While I was born and raised in the church, I’ve always been hesitant to worship in other communities. Partly this is due to my coming from a non-denominational background; I believe that there are many roads to God, but I am more comfortable worshipping in the ways in which I am accustomed. Other churches– and particularly so in other countries– are fine, but particularly in cases where services are conducted in other languages, I haven’t felt very compelled to attend.
Peace Corps addressed this during training, and noted that it would be an individual choice. In Rwanda, services can last anywhere from 3-7 hours, and as such, few of us were particularly enthusiastic about attendance. Those who made the decision either belonged to the religion of their local place of worship, or else did so in order to participate in the choir. Religion is a big deal in Rwanda: churches fill up quickly on Sundays and the buildings are subsequently surrounded by tardy adherents, wishing to glean as much as they can from the words which escape the opened doors and windows. Responding to the fact that many of the volunteers were not likely to attend services, Peace Corps offered an easy “out” to anyone not wishing to offend their community members as they declined to worship: “I belong to a different church”.
My line is that I’m a baptist, as it also helps me avoid having to embarrass myself by dancing in public. My [American] mother was the daughter of a baptist minister and she grew up in a very “Footloose”-kind of situation. To date, my white lie of being a baptist has served me well, and avoided hurt feelings. I can also offer that I don’t speak enough Kinyarwanda, but the more I learn the harder it is to pull that one off. Sometimes people even offer to translate for me. I tried that once, and the priest would preach a paragraph or so, and my translators would say, “Oh, here he talks about God’s love.” I think I could have gotten about as much from simply reading the Bible on my own. For the most part, that’s exactly what I’ve been doing.
The thing is, being invited to this service opened my eyes to something that I have been missing in Rwanda. The students’ singing was good– really good. Had I been blindfolded, I would have believed I was listening to a professional choir. They held copybooks in front of them, and from my seat I could make out the hymns, handwritten in the same red and blue cursive scrawl that they use in class. Here, with the same materials they had in their schools, the students were displaying astonishing proficiency– was it because they were more committed to their faith than to their education? I considered that this was fairly good evidence that my students don’t apply themselves sufficiently in class. But then I wondered if perhaps this was indicative of a more affluent school, or that perhaps these students attended a Catholic institution connected to the church. My Papa explained that they came from various secondary schools in the area, and that none had any affiliation with the church, “Yet many students practice singing together in a formalized time. They are responsible for arranging it, though.” They sing so beautifully I don’t want to fault them, but at the same time this goes to show what students are capable of when they care about what they are doing.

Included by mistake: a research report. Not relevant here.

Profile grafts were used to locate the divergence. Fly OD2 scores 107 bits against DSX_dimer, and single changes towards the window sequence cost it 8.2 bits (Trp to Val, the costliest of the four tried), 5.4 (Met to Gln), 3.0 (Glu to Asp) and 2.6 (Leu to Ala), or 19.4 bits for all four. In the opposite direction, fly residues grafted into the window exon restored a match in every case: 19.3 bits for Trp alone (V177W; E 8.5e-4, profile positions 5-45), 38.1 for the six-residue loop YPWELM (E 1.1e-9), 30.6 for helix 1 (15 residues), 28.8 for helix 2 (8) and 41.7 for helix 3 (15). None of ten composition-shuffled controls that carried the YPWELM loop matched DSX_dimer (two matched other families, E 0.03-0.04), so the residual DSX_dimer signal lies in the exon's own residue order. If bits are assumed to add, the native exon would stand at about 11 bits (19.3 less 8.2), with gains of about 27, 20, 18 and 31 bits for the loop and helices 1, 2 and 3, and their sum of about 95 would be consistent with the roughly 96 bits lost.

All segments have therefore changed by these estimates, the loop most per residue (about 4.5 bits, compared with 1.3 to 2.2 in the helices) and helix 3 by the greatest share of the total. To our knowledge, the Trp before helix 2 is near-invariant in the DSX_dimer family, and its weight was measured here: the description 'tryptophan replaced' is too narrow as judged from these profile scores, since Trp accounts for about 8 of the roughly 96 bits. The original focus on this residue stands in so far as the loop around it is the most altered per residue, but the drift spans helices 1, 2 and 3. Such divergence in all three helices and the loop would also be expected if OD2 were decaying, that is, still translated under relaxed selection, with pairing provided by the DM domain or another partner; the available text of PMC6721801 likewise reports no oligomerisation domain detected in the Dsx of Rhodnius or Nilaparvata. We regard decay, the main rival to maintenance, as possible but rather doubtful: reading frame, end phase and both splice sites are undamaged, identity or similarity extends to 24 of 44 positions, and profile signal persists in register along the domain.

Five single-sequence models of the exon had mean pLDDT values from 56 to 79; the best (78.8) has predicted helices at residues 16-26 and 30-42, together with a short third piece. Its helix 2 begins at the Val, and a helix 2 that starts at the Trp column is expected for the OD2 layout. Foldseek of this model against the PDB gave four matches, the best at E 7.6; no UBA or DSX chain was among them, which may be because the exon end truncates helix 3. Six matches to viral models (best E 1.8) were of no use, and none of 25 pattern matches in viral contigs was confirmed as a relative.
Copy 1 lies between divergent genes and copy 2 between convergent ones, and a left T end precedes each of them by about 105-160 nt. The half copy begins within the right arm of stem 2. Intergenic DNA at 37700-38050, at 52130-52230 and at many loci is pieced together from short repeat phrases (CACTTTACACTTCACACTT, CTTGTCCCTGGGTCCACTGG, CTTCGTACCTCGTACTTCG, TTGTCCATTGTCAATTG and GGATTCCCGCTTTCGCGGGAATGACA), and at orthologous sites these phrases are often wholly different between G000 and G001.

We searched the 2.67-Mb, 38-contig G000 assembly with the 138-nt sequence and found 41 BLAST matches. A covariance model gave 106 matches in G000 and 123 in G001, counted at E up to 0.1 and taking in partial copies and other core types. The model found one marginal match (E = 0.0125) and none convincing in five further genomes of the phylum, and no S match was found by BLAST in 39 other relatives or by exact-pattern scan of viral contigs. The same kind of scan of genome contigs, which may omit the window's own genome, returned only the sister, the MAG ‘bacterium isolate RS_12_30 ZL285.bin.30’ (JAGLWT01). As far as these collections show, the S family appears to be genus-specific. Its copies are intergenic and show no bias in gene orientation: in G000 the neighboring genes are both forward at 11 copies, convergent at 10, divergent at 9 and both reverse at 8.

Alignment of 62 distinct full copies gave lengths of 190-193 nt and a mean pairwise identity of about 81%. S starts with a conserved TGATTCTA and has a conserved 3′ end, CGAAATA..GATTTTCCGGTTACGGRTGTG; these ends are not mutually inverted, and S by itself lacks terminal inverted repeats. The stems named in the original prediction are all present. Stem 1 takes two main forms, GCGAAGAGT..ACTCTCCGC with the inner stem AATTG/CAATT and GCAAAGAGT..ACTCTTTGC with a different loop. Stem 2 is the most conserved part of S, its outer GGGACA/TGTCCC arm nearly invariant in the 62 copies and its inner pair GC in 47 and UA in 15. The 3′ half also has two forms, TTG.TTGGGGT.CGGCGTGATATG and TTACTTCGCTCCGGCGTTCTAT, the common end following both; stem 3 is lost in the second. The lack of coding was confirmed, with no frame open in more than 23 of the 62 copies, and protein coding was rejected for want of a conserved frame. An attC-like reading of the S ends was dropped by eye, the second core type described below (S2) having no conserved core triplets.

This blog post is dedicated to questioner Sarah Ring, who asks about the difference living in Rwanda my first time as well as at present.
After my Peace Corps service was over, my heart remained in Rwanda. I would have these beautiful, wonderful dreams on a weekly, sometimes daily basis: I was back in Rwanda; back in my old life in Kagogo. Things were as they should have been, and life was good– until I would ultimately wake up. And then I’d notice that I wasn’t encapsulated under a mosquito net, and I wasn’t back in my old bedroom, facing my dresser with its scene of African animals on its cloth front.
It was always hard, re-realizing that I was not in Rwanda. I never seemed to get used to it, and Rwanda followed me every day. I would slip into Kinyarwanda while pulling out the ingredients for a sandwich, grab my right elbow with my left hand while shaking people’s hands, and wore ibitenge couture to classes. I cooked Rwandan meals and listened to Rwandan music, and bided my time until I could return.
I returned to Rwanda in April of this year, and it has been such a treat being back. This new experience has started very similarly to the last one– I’m living in Nyanza (in the same village even), and spend a lot of time with my host family that Peace Corps gave me. When I was a Peace Corps Trainee, this was just a training town; ultimately the volunteers in my group would be scattered across the country and have new friends, new lives, and new homes for the duration of our 27 months. This time, it’s the real deal.
Last time I had a home on my boarding school’s property– three rooms that shared walls with some teacher chambers. I had an entryway/ living room, a bedroom, and a kitchen/ dining room. I also had a fireplace, which was nice for warming up after getting soaked to the bone on the hour and a half trek back from Kidaho, for cooking, and also served as a bed for my sweet puppy, Remington Steele. I had the cleanest pit latrine in all the land about six steps from my front door, and next to it, a shower house where I took frigid-cold bucket baths. From my yard you could see not one but two volcanoes.